Over the past few months, I’ve been noticing something. Payphones are disappearing. We all know they are “dead” already. For years, we have been fed stories online and otherwise that payphones are phased out, the phone companies are taking them all away because they are too expensive to run, and other similar stories. Honestly, I didn’t see any of this until February. For the longest time, I still saw phones where I’ve always seen them (the exception being public schools, but that’s another topic). Phones at the corner store, by the post office, on the street in the city; they were all there.

Here stands an empty phone kiosk in Philadelphia (the corner of JFK and Market it you want to be precise). I remember there being a phone here, but it’s gone now. I was by this spot not three days ago, and the kiosk still stands, but seems more or less forgotten in plain view. Just another eyesore of the city. A monolith to inefficiency in the modern world, but everything at one point in life.

This next image is from Philadelphia again, at 30th Street Station (At the regional rail platforms). I wanted to take a picture of the empty kiosks I saw, but by the time I showed up, only the outlines of the bases were left. Now, the station is still full of pay phones. Banks of them line a wall leading to the police station. Cubes of them are situated near customer service. Two are outside the food court bathroom. While I’ve been to this station several times a day over the past year, I can’t see I’ve seen them used much, but there they stand, ready for your quarters.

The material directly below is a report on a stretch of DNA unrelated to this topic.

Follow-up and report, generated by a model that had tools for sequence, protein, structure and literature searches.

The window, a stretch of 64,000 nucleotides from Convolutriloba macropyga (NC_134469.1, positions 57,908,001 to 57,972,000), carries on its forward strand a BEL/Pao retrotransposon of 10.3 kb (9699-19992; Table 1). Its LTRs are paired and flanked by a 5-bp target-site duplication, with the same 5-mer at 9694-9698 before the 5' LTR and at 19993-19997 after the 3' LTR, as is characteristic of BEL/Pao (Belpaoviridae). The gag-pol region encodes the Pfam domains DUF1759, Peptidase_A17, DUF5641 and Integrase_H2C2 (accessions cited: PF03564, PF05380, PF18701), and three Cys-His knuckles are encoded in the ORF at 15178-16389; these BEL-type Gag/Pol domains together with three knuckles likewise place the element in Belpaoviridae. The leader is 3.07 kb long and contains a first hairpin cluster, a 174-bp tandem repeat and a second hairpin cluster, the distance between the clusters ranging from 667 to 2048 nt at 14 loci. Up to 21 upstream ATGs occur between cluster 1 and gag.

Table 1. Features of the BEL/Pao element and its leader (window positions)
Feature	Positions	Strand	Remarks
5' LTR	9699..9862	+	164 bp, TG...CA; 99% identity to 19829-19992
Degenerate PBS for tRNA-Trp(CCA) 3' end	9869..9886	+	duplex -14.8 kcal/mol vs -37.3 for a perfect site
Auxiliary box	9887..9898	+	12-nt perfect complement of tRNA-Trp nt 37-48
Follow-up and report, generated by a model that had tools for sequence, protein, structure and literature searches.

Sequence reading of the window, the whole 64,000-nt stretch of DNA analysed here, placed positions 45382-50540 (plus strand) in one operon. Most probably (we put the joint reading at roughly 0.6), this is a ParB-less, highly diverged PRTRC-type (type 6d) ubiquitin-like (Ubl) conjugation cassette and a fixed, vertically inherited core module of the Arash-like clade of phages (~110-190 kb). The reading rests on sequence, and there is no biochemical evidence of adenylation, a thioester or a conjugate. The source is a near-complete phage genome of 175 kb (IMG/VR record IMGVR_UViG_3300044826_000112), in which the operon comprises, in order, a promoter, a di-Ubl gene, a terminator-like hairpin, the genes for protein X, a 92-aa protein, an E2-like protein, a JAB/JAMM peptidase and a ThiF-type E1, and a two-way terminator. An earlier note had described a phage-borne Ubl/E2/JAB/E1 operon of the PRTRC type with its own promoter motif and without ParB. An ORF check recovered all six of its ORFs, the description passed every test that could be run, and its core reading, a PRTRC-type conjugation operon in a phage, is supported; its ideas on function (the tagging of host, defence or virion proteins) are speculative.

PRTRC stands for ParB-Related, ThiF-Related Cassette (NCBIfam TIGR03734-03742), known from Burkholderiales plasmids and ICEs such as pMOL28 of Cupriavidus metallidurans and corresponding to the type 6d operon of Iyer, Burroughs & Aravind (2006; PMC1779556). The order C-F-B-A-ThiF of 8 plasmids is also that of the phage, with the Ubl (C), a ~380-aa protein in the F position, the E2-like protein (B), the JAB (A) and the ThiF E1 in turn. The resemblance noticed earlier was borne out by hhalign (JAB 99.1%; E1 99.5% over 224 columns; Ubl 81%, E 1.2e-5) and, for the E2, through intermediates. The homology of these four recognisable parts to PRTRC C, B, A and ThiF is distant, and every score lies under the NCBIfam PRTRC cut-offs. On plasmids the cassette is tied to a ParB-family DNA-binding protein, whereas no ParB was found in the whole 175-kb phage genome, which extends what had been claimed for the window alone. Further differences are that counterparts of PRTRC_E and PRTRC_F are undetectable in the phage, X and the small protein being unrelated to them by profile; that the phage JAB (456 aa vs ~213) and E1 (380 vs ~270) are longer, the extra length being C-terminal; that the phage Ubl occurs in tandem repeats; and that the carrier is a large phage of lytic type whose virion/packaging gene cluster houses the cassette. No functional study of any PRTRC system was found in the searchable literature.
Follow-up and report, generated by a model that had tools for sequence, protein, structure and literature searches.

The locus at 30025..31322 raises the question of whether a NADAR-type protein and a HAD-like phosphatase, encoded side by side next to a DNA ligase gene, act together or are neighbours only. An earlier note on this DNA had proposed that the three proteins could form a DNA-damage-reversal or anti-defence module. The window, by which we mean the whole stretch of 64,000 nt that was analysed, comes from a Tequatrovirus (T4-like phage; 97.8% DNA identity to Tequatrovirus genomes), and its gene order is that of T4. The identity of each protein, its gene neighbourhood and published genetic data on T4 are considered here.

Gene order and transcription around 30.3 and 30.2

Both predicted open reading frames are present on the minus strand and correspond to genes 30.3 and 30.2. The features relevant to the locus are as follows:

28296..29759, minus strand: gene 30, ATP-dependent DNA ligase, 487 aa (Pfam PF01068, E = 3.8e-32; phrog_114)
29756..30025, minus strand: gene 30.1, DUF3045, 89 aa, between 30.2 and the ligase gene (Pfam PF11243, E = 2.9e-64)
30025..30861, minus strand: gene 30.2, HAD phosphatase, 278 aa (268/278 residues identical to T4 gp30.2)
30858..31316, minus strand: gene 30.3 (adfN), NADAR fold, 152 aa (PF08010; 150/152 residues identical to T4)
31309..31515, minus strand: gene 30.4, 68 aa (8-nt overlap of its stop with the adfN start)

A few months later, I noticed that payphones were disappearing from other places as well. The local train stations had them gone over night. Not even silhouettes or outlines of old paint. No exposed cables or junction boxes leading to nothing, just no record of them ever being there. While I’m not opposed to the concept of removing payphones (considering that is how I got a few), I’m wondering just how long it will be until all record of them are wiped from view. Will there be a day when I can walk the length of a city and not see a burned out kiosk or a graffiti covered blue “Phone” sign hanging off an awkward steel post? Only time will tell, but they don’t seem to be completely disappearing any time soon; just slowly and silently fading away.



Developer, Hacker, Tinkerer, Archivist, Retro Technologist.


2 thoughts on “Payphones

  1. One thing to consider is, people steal phones. They contain a lot of change, and with the economy the way it is, people know they are easy targets. I’ve seen people steal the entire thing, including the housing, by pulling them down with chains and big trucks. They drag them away and loot what they can and dump the rest somewhere.

    In cities like Philly, and Camden, drug dealers use them on street corners to take calls, since many pay phones can still receive incoming calls if you can unblock it on caller id. So its possible they may have been removed to help crack down on loitering and drug deals in bad areas.

  2. This is one of the reasons why I started to inventory the payphones that I come across on the NYC transit system. Although I end up at the same stations most of the time, so have not really added much new content to the site in a while. Although I did just add a photo of a payphone where someone stole the coin box, not really sure how much $ you could steal out of a payphone now-a-days, but I guess that will likely lead to the removal of that phone.

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